Few subjects of importance to or about Black Americans escaped Wesley’s boundless curiosity. His fastidious research and documentation was on par with Woodson, the founder of the Association for the Study of Negro Life and History, and who launched the Journal of Negro History. In fact, Wesley, by 1950, the year of Woodson’s death, would follow his predecessor as president of the ASNLH and editor of the Journal of Negro History. But it was never a rivalry between them, and they collaborated on volumes of pace-setting books in African-American history. For years, their book, “The Negro in Our History,” was the premier work of its kind, paving the way for the work of John Hope Franklin and Lerone Bennett.
Along with his prodigious research, practically publishing a monograph a month, Wesley was also a highly regarded college administrator. From 1940 to 1942, he was dean of the College of Liberal Arts and the Graduate School at Howard University. In 1942, he began his four-year tenure as president of Wilberforce University in Ohio. He had been offered the position in 1932, but he turned it down, much to the satisfaction of Du Bois, who, upon leaving the school, criticized its leadership. But he was effusive in his praise for the work Wesley did there when he finally took the position 10 years later. When the school became Central State College in 1947, he was chosen as president—a position he would hold until his retirement from the school in 1965. Retirement from Central State did not mean retirement from the academy because that same year he assumed duties as a professor of history at Howard University and served as director of the Afro-Americans Historical & Cultural Museum in Philadelphia in 1976.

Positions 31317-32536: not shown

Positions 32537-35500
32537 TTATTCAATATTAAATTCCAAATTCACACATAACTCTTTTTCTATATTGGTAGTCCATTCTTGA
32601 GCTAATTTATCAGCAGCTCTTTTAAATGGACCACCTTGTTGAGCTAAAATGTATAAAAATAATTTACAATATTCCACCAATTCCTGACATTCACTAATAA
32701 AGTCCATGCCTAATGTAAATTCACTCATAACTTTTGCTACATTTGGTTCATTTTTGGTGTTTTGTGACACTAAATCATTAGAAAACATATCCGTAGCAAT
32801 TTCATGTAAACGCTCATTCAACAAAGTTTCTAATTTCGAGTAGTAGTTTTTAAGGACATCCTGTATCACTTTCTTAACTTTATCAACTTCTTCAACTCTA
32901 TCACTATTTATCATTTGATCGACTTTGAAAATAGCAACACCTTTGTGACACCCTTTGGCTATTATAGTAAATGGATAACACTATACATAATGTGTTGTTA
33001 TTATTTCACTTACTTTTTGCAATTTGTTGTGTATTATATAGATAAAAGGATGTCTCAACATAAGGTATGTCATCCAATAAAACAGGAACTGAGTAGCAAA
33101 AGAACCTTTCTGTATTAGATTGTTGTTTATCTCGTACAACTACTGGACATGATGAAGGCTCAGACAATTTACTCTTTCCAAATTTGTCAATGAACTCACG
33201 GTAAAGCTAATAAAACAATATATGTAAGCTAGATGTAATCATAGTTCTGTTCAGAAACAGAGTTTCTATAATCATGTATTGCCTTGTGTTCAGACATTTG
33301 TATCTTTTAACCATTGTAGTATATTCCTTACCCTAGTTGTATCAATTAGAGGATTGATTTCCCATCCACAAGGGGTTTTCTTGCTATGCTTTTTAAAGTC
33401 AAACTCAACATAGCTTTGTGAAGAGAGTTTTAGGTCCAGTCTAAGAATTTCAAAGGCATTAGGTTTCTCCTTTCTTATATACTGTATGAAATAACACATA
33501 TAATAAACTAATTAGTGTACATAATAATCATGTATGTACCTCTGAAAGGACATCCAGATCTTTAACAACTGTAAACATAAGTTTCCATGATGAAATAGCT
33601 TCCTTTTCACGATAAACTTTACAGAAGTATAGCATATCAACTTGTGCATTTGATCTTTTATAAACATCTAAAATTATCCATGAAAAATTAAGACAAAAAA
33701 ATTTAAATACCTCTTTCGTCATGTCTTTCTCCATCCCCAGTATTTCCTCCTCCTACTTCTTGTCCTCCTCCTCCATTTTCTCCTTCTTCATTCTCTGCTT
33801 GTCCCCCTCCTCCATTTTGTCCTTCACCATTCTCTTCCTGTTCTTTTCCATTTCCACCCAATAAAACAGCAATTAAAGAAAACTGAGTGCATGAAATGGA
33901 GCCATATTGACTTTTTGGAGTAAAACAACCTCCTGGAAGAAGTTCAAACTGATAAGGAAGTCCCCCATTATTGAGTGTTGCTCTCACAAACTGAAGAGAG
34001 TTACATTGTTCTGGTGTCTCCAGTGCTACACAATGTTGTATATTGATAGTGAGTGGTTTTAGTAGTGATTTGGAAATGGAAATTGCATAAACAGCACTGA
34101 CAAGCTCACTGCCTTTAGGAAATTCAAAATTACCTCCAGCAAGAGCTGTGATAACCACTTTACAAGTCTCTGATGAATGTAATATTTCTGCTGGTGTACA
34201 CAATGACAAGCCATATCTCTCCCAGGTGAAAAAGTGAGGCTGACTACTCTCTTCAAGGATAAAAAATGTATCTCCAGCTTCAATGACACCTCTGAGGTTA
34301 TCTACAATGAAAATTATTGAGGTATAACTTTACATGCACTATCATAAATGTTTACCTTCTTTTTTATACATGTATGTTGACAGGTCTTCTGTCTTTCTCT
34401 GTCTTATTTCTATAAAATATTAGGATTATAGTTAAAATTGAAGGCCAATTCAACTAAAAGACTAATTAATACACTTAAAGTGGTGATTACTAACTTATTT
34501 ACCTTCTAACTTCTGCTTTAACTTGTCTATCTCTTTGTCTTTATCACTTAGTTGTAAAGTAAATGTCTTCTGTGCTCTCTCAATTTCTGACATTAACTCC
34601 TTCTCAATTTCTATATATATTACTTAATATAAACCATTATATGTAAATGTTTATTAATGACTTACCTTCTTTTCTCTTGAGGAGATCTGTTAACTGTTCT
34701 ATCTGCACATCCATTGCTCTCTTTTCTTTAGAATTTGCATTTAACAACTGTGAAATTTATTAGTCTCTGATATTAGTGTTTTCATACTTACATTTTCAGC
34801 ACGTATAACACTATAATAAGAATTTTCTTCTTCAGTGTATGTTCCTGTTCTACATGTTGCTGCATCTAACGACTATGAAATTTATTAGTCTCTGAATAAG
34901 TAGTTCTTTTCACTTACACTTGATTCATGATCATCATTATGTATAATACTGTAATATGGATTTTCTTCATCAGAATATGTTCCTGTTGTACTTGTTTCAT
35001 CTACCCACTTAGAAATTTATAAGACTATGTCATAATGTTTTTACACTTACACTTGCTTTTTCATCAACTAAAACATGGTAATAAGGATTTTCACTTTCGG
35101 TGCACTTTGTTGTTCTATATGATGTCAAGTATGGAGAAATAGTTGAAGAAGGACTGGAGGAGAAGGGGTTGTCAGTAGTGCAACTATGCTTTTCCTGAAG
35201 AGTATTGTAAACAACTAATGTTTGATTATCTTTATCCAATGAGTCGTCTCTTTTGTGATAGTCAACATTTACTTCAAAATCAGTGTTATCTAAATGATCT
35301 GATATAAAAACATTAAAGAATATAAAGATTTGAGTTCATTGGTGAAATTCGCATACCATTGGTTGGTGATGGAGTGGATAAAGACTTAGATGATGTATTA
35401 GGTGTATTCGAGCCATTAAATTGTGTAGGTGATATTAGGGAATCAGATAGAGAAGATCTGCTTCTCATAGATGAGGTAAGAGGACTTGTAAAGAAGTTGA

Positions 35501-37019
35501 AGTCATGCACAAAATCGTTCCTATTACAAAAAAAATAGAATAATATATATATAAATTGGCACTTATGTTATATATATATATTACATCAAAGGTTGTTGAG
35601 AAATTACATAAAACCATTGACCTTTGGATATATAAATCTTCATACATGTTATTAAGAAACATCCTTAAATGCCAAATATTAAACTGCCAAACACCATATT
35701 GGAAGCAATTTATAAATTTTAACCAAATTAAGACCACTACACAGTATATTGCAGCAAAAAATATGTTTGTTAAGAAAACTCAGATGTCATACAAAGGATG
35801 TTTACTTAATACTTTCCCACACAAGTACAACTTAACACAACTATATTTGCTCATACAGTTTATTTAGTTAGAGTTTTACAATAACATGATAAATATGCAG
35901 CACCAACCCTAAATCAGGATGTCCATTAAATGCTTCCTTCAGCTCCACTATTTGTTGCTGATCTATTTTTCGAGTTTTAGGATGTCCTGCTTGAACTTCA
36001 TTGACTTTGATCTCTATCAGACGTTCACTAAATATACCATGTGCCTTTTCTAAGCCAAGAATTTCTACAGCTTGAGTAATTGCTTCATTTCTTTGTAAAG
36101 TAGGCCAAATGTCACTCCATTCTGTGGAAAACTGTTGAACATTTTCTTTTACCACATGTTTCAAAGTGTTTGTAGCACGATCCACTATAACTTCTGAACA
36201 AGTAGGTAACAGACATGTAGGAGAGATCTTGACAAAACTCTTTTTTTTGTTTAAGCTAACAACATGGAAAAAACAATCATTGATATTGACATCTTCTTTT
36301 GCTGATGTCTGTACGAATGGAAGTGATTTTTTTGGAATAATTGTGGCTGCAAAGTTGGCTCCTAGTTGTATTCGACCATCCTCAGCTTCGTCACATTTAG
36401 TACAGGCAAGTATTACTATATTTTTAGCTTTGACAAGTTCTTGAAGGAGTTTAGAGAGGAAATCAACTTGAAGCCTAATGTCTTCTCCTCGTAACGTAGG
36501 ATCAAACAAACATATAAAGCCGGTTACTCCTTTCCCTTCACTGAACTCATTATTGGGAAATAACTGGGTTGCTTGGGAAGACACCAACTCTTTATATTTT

Wesley supplemented his scholarly research in history with a study of religion, and he was an ordained minister in the African Methodist Episcopal Church. Of course, he wasn’t too busy to join Dorothy Porter Wesley in marital bliss, and they often combined their abilities on countless projects pertaining to Black social and political life.
Wesley died Aug. 16, 1987, at Howard University Hospital in Washington, D.C., after a long illness from pneumonia. He was a 95.
To list his numerous articles and essays would be an endless task, but we should note his book, Neglected History,” appeared in 1965, and “Collapse of the Confederacy,” published in 1930, and reissued in 1968. In a memoir, Franklin wrote that Wesley had been denied an opportunity to use the subject of this book as his dissertation at Harvard, “the subject being deemed more appropriate for a white man.”
In the bibliography section at the end of Du Bois’ book “Black Reconstruction,” Wesley is listed among several notable historians that Du Bois praised for their accuracy on African-American history, particularly singling out Wesley for his landmark work on Black labor.